Sams Teach Yourself Microsoft Office 2007 All in One [NOOK Book]

Overview

One Book…All the Answers

In just a short time you will be up and running with Microsoft Office 2007, including Word, Excel, PowerPoint, Outlook, and OneNote.

Using a straightforward, step-by-step approach, each lesson builds upon a real-world foundation, allowing you to learn the essentials of Office 2007 from the ground up.

Thorough instructions walk you through the most ...

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Sams Teach Yourself Microsoft Office 2007 All in One

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Overview

One Book…All the Answers

In just a short time you will be up and running with Microsoft Office 2007, including Word, Excel, PowerPoint, Outlook, and OneNote.

Using a straightforward, step-by-step approach, each lesson builds upon a real-world foundation, allowing you to learn the essentials of Office 2007 from the ground up.

Thorough instructions walk you through the most common tasks and show you extra features that make your Office 2007 documents stand apart from the crowd.

Notes present interesting pieces of information, extra features you can use, and warnings to protect your data.

Tips offer extra advice or teach an easier way to do something.

Learn how to…

  • Leverage New Features to Do More Work in Less Time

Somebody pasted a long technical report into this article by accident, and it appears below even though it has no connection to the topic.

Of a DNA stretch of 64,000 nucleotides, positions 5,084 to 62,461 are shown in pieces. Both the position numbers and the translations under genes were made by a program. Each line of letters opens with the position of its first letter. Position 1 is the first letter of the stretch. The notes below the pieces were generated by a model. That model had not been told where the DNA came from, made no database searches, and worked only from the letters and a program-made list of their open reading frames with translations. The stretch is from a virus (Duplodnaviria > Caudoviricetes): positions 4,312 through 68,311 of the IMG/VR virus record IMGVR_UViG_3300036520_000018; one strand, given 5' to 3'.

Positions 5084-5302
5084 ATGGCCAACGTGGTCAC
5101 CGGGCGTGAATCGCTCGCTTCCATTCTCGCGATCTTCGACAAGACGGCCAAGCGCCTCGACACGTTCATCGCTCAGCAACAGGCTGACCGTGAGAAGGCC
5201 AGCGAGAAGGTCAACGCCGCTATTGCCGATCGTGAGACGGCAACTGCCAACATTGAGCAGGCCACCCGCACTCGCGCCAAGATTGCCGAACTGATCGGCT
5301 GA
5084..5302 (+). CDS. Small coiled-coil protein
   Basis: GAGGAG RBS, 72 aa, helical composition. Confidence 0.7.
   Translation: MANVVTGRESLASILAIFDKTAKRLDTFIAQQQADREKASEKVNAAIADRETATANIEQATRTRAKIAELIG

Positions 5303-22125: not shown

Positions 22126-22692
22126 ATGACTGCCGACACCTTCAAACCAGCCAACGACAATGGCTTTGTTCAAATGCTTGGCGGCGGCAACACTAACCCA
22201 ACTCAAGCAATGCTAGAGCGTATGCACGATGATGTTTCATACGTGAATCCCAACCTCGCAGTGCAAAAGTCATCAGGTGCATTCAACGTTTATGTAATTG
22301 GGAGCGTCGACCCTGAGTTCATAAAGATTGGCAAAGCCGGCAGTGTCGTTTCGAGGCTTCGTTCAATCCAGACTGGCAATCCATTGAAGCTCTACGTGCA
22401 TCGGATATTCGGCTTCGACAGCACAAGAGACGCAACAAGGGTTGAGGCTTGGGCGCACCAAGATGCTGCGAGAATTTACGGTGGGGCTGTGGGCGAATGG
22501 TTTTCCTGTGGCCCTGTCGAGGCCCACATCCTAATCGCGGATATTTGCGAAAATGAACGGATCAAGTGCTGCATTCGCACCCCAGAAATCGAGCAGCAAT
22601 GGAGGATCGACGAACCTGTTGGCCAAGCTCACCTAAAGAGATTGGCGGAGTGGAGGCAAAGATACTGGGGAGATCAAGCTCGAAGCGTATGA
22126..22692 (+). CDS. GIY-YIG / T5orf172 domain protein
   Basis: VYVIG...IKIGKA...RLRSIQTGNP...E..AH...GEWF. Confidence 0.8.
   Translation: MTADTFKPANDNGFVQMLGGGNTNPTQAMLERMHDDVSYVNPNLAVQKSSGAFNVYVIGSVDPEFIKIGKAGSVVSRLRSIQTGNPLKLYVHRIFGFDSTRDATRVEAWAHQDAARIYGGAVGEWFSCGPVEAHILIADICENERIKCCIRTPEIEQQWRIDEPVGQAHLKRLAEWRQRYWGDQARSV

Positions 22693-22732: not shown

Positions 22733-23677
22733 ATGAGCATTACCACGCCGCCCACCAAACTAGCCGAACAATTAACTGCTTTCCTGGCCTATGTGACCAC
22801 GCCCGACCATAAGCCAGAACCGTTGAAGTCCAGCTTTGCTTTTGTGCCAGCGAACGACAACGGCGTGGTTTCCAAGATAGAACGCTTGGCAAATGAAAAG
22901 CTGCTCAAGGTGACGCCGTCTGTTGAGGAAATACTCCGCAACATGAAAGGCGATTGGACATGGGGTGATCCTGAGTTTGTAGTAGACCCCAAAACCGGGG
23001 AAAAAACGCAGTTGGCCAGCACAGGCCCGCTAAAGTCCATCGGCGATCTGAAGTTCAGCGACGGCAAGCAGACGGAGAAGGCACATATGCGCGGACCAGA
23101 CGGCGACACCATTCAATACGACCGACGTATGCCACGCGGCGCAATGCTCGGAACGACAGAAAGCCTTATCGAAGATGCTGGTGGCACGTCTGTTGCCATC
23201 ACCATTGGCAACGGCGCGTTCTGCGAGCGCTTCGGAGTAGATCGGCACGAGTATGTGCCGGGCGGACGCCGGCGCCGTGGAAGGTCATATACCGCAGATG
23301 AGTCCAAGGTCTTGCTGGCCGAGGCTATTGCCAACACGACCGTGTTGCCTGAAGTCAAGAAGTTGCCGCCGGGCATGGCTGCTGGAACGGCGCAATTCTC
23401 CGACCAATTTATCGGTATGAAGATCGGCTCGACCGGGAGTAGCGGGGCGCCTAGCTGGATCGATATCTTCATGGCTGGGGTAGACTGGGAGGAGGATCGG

• Master Office 2007’s New Ribbon
  • Use Live Preview to See How Changes Will Affect Your Documents
  • Create Online Web Pages from Your Office Documents, Worksheets, and Presentations
  • Apply a Consistent Theme to All Your Documents, Worksheets, and Presentations
  • Format Word Documents to Grab Attention Without Taking Away from the Message You Want to Convey
  • Perform Mail Merging with Ease
  • Set Up Powerful Worksheet Page Formats
  • Drop Audio and Video into Your PowerPoint Presentations
  • Organize Your Email to Work Smarter
  • Locate Outlook Contacts on a Global Map
  • Maximize Note Taking with OneNote

Part I: Introducing Microsoft Office 2007 1

Chapter 1: Start Here 3

PART II: Writing with Word 29

Chapter 2: Learning Word’s Basics 31

Chapter 3: Making Your Words Look Good 69

Chapter 4: Adding Lists, Tables, and Graphics 107

Chapter 5: Using Word’s Advanced Features 147

PART III: Working with Excel Worksheets 201

Chapter 6: Getting to Know Excel 203

Chapter 7: Working with Excel Data 243

Chapter 8: Formatting Worksheets with Excel 273

Chapter 9: Creating Advanced Worksheets 303

Chapter 10: Using Excel as a Simple Database 329

PART IV: Impressing Audiences with PowerPoint 347

Chapter 11: Learning About PowerPoint 349